Launch of the 2014 TWSC Public Lecture

Written by the Third World Studies Center    

I. Rationale
The Philippines is increasingly known, among other things, as the "world's most disaster-hit country" and parallel to the surge of occurrence and magnitude of natural disasters has been the clarion call for accountability: who can we turn to in time of unprecedented risks? When one of the world's most powerful storms made landfall in central Philippines, just weeks after a 7.2 magnitude earthquake hit an en even bigger expanse of the same region, headlines of pork barrel scams did little to comfort the public of the miniscule funds left for disaster relief. Calamity-stricken residents have begun begging on the streets for food and women were reportedly forced into prostitution to fend for their families. In the midst of the scandal and the rubble emerges what seems to be the one saving grace: the unique Pinoy trait of resiliency sung in societal chorus, that “the Filipino spirit is waterproof and unbreakable.” Attempts to recover from the systemic loss of life and property—“Tabang Na” shirts, run for a cause events, including the adaptation of the charity anthem “We are the World”—served to invigorate the downtrodden Pinoys. We are survivors, not victims. Indeed, in the face of unprecedented risks, never has “Pinoy pride” been beamed more brightly. Such rhetoric suffuses the reality of magnified vulnerabilities in the country, lest it moves down several notches in the Happiness Index. The Pinoy smile in the face of adversities that gained world-wide admiration, remain plastered on our faces, immortalized in the good vibes Pinoy adaptation of Pharrell Williams’ “Happy.” Yet eight months after the Bohol earthquake and typhoon Yolanda struck central Philippines, the disaster-stricken areas—apparently unable to catch up with the rhetoric that was cast only too soon---languish in their recovery and rehabilitation. Portraits of Filipino communities run counter to metaphors of pride and imagined invincibility—“mga basang-sisiw” in soiled tent cities, drenched in their losses and lost causes. In the aftermath of large-scale disasters, the good-natured incantations grow louder as if to drown out the wailing of those in mourning, the clatter of pots and pans emptied of hope. What is more, Pinoy pride deflates when set against actual figures for disaster relief. The calamity fund, the primary resource for disaster relief, shares less than one percent of the national budget. Resources allocated consistently pale in comparison with the extent of damage to life and property caused by natural disasters. The calamity fund for 2014 has been set to P13 billion despite the P24 billion estimate of the damage caused by Typhoon Yolanda alone. Thus, in close scrutiny incantations of pride and resilience function in some ways as crutches—more appropriately stilts wobbling in the damage and debris.

In this view, the risk from natural disasters have revealed how Filipinos have been equipped with resources that are contingent at best—where given the corruption controversies of disaster relief, spaces can be opened up for other modes of recourse, and oppressive at worst—where resiliency has become a self-imposed burden of responsibility and accountability among Filipinos. How Pinoy pride has been fomented by societal institutions, can be described, in the words of sociologist Ulrich Beck as a form of “narrated attention”—where the parlance of resiliency ultimately detracts from, rather than allow for, a critical stance towards the zeitgeist of our time. Living in a time of unprecedented risks, can Filipinos find other practical and meaningful modes of recourse, aside from the bipolarity of disaster relief corruption and feel-good incantation?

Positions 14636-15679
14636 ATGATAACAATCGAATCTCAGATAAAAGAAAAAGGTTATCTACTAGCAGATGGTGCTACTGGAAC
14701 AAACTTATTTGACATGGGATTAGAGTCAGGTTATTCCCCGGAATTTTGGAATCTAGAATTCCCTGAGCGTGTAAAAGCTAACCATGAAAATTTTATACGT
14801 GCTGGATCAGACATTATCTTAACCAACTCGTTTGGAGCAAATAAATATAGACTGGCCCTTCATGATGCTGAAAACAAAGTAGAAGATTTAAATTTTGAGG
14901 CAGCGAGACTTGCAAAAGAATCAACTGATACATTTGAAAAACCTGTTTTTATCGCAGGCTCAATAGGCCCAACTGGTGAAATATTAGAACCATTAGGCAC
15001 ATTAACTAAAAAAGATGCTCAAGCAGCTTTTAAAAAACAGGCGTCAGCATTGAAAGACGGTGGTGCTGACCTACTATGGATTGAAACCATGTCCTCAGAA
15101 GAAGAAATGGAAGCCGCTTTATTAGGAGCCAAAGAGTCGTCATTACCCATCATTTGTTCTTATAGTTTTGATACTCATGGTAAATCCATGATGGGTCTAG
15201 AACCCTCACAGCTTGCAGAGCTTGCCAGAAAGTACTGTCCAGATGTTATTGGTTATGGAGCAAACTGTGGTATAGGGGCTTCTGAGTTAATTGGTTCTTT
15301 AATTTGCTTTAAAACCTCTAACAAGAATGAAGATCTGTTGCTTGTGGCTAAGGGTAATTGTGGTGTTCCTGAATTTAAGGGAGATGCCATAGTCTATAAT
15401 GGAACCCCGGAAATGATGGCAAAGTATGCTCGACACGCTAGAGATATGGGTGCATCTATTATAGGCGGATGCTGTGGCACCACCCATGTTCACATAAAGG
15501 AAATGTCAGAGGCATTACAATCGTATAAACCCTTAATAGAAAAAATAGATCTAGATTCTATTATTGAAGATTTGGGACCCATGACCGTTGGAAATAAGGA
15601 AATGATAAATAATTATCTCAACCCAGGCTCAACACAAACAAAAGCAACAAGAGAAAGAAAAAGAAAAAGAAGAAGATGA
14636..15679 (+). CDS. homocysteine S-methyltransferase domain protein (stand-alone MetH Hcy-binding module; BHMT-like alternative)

The 2014 UP TWSC public lecture series aims to broaden the scope of narrated attention on risk from natural disasters and serve as a platform for the various forms of resources, what can be inferred to as knowledge practices on the Philippine encounters of natural disasters. The public lecture series, following sociologist Piet Strydom, posits risk to be not simply as an “objective problem” that can be addressed by scientific and technical knowledge and bureaucratic and administrative processes. The contemporary phenomenon of risk can be considered as “a new discursive culture of perception, communication and collective attempts to identify, define and resolve an unprecedented problem turned into a public and political issue.” How collectivities and institutions creatively generate and strategically utilize symbolic and material resources for different ends, unwittingly blurring the line between the protection and loss of life and property, compels us to rethink resources that have been taken for granted, simply taken at face value, remain untapped, or simply forgotten. In a time when risk looms as the currency and its mediations the product put forward on the pretext of trust and accountability, there is a need to reflect on how these create, maintain, and transform knowledge practices, in anticipation of more frequent and stronger disaster threats. Risks from natural disasters served to encourage interiorization of the unique Pinoy trait of resiliency—a mode of self-regulation made manifest in Pinoy pride among Filipinos. However, the precarious present does not privilege specific forms of knowledge, as averred by risk theorists; but in fact invokes disparate and divergent rationality claims. The public lecture series thus aims to serve as a dais for what social scientists posit as “contradictory certainties” without privileging one discipline over the other but possibly towards their potential alignment to meaningfully reflect upon the precariousness we, as a country, are confronted with.

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